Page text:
From the WebMD Archives

In a recent Instagram post, Wolverine actor Hugh Jackman opened up about his treatment for basal cell carcinoma, the most common type of skin cancer. He posted a photo with his post-op bandage covering his nose and captioned it, “Another basal cell carcinoma. Thanks to frequent body checks and amazing doctors, all is well. Looks worse with the dressing on than off. I swear!” He signed off by reminding his followers to wear sunscreen.

This isn’t the first time the 48-year-old Australian has gone under the knife to remove a skin cancer. He’s shared posts about other basal cell carcinomas that he’s had removed before, starting in 2013. In another Instagram post last year, he describes basal cell carcinoma as the “the mildest form of cancer, but serious, nonetheless.”

He’s spot-on about that.

Basal cell carcinoma (or BCC) is the most commonly occurring cancer in the U.S., with more than 4 million cases diagnosed each year. It’s caused by long-term or intense sun exposure (think sunburns) and usually occurs in areas that are exposed to the sun, like your face, ears, nose, neck, shoulders, or back.

While anyone who spends time in the sun can develop this type of cancer, fair-skinned and light-haired people may be more susceptible to it. Plus, Jackman’s upbringing in Australia may have been a reason. As he told People magazine in 2016, “Being an Australian it’s a very common thing. I never wore sunscreen growing up so I was a prime candidate for it.” In fact, the occurrence of skin cancer in Australia is one of the highest in the world -- 2 to 3 times the rate in the U.S. About 2 in 3 Australians will receive a skin cancer diagnosis by the time they’re 70.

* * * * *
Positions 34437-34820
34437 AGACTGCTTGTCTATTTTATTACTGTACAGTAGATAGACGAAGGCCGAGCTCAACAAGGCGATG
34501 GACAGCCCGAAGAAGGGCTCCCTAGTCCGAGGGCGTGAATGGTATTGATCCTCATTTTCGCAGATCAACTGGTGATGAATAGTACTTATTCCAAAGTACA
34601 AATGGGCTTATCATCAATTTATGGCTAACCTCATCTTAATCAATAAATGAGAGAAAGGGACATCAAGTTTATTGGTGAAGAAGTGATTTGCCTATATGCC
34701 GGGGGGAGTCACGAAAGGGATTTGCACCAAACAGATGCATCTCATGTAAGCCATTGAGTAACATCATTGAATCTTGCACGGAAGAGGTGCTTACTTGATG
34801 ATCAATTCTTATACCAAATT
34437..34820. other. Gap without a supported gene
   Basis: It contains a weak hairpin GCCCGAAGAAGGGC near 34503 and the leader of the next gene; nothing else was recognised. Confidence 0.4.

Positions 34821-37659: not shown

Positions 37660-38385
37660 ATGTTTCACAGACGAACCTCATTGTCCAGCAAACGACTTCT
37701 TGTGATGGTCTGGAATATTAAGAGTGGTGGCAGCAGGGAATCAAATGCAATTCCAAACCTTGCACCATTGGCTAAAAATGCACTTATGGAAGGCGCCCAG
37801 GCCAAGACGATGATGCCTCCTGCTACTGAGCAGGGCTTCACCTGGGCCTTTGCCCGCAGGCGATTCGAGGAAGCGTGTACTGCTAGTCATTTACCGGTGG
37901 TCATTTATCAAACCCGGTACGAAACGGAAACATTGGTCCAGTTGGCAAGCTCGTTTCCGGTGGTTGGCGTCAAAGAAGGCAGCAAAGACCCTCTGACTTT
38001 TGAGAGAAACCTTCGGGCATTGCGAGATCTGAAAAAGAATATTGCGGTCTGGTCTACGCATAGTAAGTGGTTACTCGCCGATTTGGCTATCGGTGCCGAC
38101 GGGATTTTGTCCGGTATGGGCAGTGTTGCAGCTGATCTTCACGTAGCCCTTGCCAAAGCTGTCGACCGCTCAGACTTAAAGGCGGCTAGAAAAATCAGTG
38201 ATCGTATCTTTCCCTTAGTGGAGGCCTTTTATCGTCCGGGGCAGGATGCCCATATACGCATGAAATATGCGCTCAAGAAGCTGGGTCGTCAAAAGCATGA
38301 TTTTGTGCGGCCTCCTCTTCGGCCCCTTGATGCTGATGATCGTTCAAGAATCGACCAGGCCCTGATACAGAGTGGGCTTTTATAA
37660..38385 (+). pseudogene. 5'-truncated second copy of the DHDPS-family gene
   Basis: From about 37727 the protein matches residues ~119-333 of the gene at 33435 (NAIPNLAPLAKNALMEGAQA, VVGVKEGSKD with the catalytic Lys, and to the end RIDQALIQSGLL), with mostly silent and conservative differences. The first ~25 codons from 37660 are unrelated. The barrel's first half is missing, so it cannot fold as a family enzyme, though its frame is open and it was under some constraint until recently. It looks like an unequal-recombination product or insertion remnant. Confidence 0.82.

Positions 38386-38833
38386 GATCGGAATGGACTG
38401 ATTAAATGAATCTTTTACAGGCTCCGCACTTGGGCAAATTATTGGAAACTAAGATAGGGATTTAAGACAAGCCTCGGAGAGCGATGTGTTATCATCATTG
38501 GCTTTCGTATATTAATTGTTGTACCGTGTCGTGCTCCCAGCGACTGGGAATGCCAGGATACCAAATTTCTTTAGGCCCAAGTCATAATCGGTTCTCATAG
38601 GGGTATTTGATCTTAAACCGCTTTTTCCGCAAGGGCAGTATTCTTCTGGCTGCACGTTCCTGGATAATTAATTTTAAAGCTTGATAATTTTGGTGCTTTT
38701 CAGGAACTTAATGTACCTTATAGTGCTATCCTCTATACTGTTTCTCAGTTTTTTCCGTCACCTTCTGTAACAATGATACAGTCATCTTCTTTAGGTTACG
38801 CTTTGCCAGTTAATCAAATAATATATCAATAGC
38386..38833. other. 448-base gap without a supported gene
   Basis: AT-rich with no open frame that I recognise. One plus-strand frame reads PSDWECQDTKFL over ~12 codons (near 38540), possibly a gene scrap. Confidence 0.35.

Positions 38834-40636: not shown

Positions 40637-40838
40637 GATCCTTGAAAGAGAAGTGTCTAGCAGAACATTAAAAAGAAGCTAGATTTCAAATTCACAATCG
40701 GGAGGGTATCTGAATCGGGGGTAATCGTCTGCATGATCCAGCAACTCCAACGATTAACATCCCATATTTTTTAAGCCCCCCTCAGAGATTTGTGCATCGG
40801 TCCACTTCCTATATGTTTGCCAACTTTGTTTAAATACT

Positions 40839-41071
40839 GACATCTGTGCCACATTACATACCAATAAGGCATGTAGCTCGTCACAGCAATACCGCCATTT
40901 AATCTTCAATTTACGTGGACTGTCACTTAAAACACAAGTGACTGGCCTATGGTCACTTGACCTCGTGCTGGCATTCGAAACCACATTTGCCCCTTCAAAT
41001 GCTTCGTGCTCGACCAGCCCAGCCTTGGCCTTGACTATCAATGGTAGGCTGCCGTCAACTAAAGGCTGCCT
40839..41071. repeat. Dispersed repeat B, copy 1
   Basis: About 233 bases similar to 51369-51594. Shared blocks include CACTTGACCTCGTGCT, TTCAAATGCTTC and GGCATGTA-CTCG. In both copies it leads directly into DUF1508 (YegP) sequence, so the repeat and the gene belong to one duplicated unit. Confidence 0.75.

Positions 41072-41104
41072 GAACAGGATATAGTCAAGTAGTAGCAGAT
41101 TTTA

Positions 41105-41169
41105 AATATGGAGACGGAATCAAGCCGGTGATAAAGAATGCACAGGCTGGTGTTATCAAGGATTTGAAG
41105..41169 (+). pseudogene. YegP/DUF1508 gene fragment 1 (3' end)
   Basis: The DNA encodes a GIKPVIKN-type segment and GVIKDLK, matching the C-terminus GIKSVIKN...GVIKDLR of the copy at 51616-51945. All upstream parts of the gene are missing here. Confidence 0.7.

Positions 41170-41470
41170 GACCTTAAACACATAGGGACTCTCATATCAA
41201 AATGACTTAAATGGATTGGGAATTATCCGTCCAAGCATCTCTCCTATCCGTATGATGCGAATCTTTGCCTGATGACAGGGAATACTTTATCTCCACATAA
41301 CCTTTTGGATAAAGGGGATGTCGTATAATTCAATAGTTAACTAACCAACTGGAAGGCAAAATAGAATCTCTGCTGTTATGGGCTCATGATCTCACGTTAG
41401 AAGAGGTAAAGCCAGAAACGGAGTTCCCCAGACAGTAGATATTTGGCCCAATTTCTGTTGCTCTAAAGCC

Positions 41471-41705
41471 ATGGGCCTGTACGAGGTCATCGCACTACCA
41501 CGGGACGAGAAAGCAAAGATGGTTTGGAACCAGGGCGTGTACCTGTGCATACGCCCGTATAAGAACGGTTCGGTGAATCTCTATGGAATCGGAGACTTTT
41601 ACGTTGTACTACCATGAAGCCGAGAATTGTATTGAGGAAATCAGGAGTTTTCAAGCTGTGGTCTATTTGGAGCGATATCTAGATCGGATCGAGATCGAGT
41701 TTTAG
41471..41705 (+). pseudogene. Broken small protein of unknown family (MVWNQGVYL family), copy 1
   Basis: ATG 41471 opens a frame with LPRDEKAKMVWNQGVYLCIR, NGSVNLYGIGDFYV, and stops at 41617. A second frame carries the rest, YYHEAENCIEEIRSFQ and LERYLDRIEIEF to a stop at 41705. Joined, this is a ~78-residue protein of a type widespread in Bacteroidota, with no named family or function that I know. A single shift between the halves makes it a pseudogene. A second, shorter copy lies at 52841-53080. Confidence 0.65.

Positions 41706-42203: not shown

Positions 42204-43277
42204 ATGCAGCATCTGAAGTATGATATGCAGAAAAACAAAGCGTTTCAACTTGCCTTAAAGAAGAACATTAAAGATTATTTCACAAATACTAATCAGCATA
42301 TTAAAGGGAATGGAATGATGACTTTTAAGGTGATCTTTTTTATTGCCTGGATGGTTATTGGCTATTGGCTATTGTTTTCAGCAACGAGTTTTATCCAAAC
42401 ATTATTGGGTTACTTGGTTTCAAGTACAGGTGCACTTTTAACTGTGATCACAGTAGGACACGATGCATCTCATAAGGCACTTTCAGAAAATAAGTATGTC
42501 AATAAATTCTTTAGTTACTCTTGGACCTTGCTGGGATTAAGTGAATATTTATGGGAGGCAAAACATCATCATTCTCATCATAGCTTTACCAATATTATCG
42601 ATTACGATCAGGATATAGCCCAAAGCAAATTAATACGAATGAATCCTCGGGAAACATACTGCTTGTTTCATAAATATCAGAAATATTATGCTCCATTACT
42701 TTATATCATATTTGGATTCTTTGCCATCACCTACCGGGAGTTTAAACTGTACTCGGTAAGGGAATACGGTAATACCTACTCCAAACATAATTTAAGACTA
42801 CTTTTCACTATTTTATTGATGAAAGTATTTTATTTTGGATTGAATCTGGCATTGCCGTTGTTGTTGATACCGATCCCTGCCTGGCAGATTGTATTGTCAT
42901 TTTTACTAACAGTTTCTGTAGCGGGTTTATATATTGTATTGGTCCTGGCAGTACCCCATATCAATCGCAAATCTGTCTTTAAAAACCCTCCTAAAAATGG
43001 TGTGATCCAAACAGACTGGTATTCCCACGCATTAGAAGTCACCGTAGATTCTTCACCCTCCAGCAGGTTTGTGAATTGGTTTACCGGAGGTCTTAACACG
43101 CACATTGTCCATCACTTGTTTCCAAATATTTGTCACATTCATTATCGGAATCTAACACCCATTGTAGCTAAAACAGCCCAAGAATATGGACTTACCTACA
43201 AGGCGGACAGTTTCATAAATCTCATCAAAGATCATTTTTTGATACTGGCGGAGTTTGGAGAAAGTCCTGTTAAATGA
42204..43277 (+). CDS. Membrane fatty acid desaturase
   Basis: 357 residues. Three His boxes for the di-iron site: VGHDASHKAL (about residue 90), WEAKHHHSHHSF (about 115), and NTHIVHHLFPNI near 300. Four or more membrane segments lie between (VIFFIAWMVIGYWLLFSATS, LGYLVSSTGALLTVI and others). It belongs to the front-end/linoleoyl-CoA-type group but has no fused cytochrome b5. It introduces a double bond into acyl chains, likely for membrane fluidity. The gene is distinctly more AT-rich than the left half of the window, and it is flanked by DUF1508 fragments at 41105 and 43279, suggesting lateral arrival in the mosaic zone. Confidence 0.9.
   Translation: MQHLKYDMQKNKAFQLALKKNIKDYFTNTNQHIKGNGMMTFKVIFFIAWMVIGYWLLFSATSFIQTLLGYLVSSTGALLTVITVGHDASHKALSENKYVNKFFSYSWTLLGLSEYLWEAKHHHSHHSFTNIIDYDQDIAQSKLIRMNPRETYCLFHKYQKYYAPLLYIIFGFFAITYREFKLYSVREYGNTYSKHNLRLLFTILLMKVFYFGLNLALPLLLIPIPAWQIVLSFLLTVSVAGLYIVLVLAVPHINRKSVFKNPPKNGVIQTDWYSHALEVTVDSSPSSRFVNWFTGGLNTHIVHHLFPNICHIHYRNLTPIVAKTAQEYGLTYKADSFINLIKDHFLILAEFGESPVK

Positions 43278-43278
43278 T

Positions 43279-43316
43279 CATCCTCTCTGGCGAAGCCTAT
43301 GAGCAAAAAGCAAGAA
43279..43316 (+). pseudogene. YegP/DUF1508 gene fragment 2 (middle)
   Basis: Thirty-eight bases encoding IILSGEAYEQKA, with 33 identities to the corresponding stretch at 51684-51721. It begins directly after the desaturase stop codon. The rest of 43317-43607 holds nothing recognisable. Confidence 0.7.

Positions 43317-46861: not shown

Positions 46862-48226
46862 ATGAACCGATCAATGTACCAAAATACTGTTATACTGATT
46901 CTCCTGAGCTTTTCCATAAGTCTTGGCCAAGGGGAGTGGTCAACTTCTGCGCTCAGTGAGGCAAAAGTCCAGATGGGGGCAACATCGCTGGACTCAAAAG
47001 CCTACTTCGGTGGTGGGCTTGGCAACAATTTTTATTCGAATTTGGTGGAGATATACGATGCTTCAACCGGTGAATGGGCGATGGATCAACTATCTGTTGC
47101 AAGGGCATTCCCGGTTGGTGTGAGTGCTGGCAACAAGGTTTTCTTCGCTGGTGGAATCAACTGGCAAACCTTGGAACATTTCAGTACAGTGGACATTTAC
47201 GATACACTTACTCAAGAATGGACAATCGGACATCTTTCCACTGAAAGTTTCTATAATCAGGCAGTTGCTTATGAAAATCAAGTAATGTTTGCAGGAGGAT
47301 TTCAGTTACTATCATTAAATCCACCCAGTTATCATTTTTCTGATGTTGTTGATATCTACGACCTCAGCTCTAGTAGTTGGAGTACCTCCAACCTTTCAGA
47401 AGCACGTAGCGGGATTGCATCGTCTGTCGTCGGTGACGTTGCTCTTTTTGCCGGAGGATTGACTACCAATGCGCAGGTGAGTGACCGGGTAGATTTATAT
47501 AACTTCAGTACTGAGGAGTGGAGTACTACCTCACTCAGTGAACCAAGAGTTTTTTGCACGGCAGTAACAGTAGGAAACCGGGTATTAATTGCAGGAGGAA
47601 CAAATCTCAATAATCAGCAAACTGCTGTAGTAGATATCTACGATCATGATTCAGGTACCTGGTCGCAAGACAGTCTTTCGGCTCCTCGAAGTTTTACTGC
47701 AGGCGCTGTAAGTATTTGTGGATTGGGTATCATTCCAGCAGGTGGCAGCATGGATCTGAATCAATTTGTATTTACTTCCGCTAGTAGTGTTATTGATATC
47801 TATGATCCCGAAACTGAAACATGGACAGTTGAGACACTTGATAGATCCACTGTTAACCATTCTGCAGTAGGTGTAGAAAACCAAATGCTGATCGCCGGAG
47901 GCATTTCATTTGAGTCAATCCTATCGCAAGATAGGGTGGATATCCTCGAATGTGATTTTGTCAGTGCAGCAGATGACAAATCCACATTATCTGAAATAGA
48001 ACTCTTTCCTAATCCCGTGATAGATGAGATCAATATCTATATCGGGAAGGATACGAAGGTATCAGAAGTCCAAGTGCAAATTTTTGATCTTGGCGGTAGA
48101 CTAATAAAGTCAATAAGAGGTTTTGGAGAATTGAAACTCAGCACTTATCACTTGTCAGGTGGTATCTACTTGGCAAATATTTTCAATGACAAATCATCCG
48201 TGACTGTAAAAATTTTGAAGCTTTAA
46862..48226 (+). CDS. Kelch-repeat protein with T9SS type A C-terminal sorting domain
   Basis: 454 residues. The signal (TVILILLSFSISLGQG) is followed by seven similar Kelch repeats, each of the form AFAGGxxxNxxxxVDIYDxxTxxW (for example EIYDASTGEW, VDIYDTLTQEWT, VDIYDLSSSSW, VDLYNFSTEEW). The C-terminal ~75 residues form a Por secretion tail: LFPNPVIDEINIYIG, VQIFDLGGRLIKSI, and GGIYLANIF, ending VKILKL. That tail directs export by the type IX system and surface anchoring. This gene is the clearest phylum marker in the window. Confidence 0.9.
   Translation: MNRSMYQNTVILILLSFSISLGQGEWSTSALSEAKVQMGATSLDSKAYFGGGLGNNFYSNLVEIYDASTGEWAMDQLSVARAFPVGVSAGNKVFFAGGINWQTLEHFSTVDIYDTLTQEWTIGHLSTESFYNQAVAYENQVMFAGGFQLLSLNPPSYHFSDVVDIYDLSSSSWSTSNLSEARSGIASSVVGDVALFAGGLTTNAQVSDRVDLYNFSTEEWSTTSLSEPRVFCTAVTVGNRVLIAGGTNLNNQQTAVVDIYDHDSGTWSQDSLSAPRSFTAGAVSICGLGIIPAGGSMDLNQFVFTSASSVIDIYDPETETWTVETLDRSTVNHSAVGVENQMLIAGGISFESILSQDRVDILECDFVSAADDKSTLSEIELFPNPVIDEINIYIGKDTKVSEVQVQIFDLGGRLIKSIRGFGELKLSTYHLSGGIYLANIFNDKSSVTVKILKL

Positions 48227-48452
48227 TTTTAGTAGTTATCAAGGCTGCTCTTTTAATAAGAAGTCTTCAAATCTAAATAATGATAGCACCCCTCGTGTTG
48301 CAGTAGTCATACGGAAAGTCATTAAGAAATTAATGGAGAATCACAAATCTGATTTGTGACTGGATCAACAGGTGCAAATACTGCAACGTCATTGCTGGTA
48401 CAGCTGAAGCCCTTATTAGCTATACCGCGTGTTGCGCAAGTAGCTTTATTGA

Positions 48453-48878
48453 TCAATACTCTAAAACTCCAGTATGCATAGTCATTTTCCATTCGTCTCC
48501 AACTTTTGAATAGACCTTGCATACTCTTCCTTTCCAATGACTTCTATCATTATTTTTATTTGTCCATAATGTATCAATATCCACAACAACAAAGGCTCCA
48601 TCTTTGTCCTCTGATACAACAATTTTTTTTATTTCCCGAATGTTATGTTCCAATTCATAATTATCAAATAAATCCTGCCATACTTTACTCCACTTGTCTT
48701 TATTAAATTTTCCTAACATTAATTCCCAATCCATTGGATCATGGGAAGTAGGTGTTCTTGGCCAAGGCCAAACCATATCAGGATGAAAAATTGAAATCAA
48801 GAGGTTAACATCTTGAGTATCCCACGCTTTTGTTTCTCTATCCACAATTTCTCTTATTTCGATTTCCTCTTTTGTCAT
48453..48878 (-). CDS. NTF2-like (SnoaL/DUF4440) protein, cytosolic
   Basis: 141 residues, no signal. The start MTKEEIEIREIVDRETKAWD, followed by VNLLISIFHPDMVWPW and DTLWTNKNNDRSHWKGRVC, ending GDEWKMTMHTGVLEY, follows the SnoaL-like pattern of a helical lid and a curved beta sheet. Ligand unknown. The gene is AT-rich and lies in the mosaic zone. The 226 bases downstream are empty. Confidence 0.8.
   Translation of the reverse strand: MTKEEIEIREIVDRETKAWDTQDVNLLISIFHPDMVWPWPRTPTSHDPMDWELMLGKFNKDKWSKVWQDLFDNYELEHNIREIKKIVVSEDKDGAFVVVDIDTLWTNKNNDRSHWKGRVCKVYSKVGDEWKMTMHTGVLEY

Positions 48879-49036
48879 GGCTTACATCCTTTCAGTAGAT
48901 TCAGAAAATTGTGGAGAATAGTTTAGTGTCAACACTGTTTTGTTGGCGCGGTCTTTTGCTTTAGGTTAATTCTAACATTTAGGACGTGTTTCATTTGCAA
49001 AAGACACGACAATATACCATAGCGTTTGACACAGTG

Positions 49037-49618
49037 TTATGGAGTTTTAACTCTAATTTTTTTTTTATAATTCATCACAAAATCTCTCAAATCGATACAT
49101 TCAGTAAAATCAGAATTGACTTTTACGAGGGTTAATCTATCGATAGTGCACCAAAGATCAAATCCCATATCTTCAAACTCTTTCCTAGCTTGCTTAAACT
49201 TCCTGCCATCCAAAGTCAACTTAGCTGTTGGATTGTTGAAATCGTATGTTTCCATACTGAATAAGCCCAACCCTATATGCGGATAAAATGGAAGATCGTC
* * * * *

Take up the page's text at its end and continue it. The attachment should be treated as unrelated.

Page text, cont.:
The good news: This type of skin cancer almost never spreads to other parts of the body, and it’s usually not life-threatening. “However, you don’t want to ignore it,” says Michael Smith, MD, WebMD’s chief medical editor. “Left untreated, they will continue to grow and can become quite disfiguring. That also makes treatment much more difficult, requiring more extensive surgery to remove.”

What’s more: Basal cells tend to occur in areas where surgery is more difficult, such as the nose, ears, or other parts of your face, Smith adds.

To lower your chances of having it, Smith suggests staying out of the sun, especially between 10 a.m. and 4 p.m., when the sun’s rays are strongest. In addition, wear sunscreen every day, even on cloudy days, he says. “When you are in the sun, dress smart with a broad-brimmed hat and cover up as much as possible with long sleeves.”

Show Sources

Cancer Council of Australia.

Skin Cancer Foundation.

Michael Smith, MD.

© 2017 WebMD, LLC. All rights reserved. View privacy policy and trust info